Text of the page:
To verify the potential transcriptional regulation that affected the overexpression of CTPS1 in TNBC, we used PROMO software and JASPAR database to predict the transcriptional factors that could regulate the expression of CTPS1. Five potential transcription factors including YBX1, DDX5, FUBP1, CBX3 and KDM1A were served as candidates. By utilizing the dual-luciferase reporter system, only YBX1 showed a higher relative luciferase activity of the CTPS1 promoter. ChIP-qPCR assay clearly revealed that YBX1 could directly regulate CTPS1 transcription by binding to its promoter. Moreover, YBX1-enhanced promoter activities were markedly abolished when the binding site was mutated, further demonstrating that YBX1-induced CTPS1 promoter activity was YBX1-dependent. Y-box binding protein 1 (YBX1), also known as YB-1, is a multifunctional protein that regulates transcription by binding to the Y-box (an inverted CCAAT box) at the promoter or enhancer of target genes . As a RNA-binding protein, YBX1 plays essential roles in multiple aspects of RNA dynamic, including pre-mRNA splicing, mRNA packaging and translational regulation [23,24,25,26]. Numerous studies have suggested YBX1 could act as an oncoprotein in a variety of human cancers, including pancreatic cancer , colorectal cancer [28, 29], lung cancer [30, 31] and nasopharyngeal cancer [32, 33]. For breast cancer, YBX1 has been regarded as potential biomarker with poor outcome and silencing YBX1 could inhibit invasive potential through binding its downstream target, such as CORO1C and MMP1 [19, 34,35,36]. In our study, we also identified that overexpression of YBX1 could promote cell proliferation and invasion of TNBC cells, while rescue experiments indicated that the enhanced cell proliferation and invasion ability induced by YBX1 overexpression could be reversed by CTPS1 knockdown. Next, we further evaluated the associations between YBX1 and CTPS1 in TNBC by public databases and surgical specimens with IHC staining method. The mRNA and protein level of YBX1 was found to be highly correlated with CTPS1. Besides, patients with higher expression levels of both CTPS1 and YBX1 had a worse disease-free survival and overall survival compared with other patients. Altogether, these results firstly confirm the abiity of YBX1 to bind to the CTPS1 promoter and promote CTPS1 expression by increasing its transcriptional activity. The association between YBX1 and CTPS1 offers a novel approach by which TNBC could be targeted.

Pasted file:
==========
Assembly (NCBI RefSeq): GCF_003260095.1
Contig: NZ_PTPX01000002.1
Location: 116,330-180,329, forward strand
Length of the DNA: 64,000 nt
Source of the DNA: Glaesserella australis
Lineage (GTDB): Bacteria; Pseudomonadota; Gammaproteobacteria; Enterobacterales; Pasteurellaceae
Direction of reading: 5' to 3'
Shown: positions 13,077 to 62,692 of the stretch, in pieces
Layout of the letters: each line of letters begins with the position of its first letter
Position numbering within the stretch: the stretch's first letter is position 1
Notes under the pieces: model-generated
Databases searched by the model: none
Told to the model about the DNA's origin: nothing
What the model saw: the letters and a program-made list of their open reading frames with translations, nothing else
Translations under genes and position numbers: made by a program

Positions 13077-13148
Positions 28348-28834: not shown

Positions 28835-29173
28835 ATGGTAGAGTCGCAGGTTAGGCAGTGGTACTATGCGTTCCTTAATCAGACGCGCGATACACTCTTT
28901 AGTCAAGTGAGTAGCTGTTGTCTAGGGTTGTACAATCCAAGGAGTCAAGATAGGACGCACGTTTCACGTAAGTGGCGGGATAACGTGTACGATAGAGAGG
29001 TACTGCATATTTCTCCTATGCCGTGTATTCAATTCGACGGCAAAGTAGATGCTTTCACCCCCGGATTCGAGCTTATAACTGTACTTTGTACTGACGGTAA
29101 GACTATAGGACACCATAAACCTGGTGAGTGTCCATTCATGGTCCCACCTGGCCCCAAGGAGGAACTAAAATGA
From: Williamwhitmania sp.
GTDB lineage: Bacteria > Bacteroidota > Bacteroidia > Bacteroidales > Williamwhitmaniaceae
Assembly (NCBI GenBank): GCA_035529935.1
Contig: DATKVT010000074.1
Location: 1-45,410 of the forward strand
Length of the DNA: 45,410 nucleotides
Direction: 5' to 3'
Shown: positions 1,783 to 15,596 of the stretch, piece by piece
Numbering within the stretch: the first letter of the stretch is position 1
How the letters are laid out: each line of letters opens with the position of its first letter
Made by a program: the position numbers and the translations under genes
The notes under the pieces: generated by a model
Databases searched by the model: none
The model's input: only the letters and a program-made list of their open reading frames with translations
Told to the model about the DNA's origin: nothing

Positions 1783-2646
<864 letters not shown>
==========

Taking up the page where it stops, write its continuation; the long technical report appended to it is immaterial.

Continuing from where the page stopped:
To further elucidate the functional role of CTPS1 in triple-negative breast cancer, we also conducted GSEA and WGCNA analysis with TNBC samples from GEO and TCGA databases to screen the gene and pathway sets related with CTPS1 expression. GSEA demonstrated that higher CTPS1 expression was closely correlated with cell cycle, DNA replication, mismatch repair and necleotide excision repair. The most significant module related with CTPS1 expression was identified by WGCNA, consisting of 631 genes in 3GEO databases and 1692 genes in TCGA database. After intersection, 250 genes were selected as hub module genes. Following the results of KEGG and GO analysis, the gene modules were principally enriched in cell cycle, DNA replication and nuclear division. These findings cooperate to indicate that CTPS1 might play a noticeable role in cell cycle regulation of triple-negative breast cancer.
In summary, our study is the first exploration of the cytidine nucleotide triphosphate synthase 1 (CTPS1) in tumorigenesis. We observed that CTPS1 was overexpressed in TNBC tumor tissues and associated with poor prognosis. CTPS1 could promote carcinogenesis and metastasis of TNBC through transcriptional activation by YBX1. YBX1/CTPS1 is an important axis in the progression of triple-negative breast cancer. Taken together, CTPS1 might be a promising prognosis biomarker and potential therapeutic target for TNBC treatment.
Availability of data and materials
The datasets during and/or analysed during the current study are available from the corresponding author on reasonable request.
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We acknowledge our colleagues for their valuable efforts and comments on this paper.
This study was supported by grants from the Joint funds for the Innovation of Science and Technology, Fujian Province (2018Y9205, 2019Y9054, 2019Y9103), Natural Science Foundation of Fujian Province (2020J01995), the Fujian Young Teacher Education Research Project (JAT170228) and Fujian Provincial Health Technology Project (2020QNA039).
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. YBX1 expression is elevated in TNBC and correlated with poor prognosis. a Representative immunohistochemistry (IHC) images of YBX1 in TNBC tumor and adjacent normal tissues (×200). b Kaplan-Meier analysis of the overall survival with different YBX1 expression in TNBC patients. c Kaplan-Meier analysis of the overall survival with different YBX1 and CTPS1 expression in TNBC patients. Scale bar: 50um.
. A list of primers used in this study.
. The prediction binding domain between YBX1 and CTPS1.
. Meaningful modules for 3 GEO datasets.
. Meaningful modules for TCGA database.
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Lin, Y., Zhang, J., Li, Y. et al. CTPS1 promotes malignant progression of triple-negative breast cancer with transcriptional activation by YBX1. J Transl Med 20, 17 (2022). https://doi.org/10.1186/s12967-021-03206-5
- Triple-negative breast cancer
- Transcriptional activation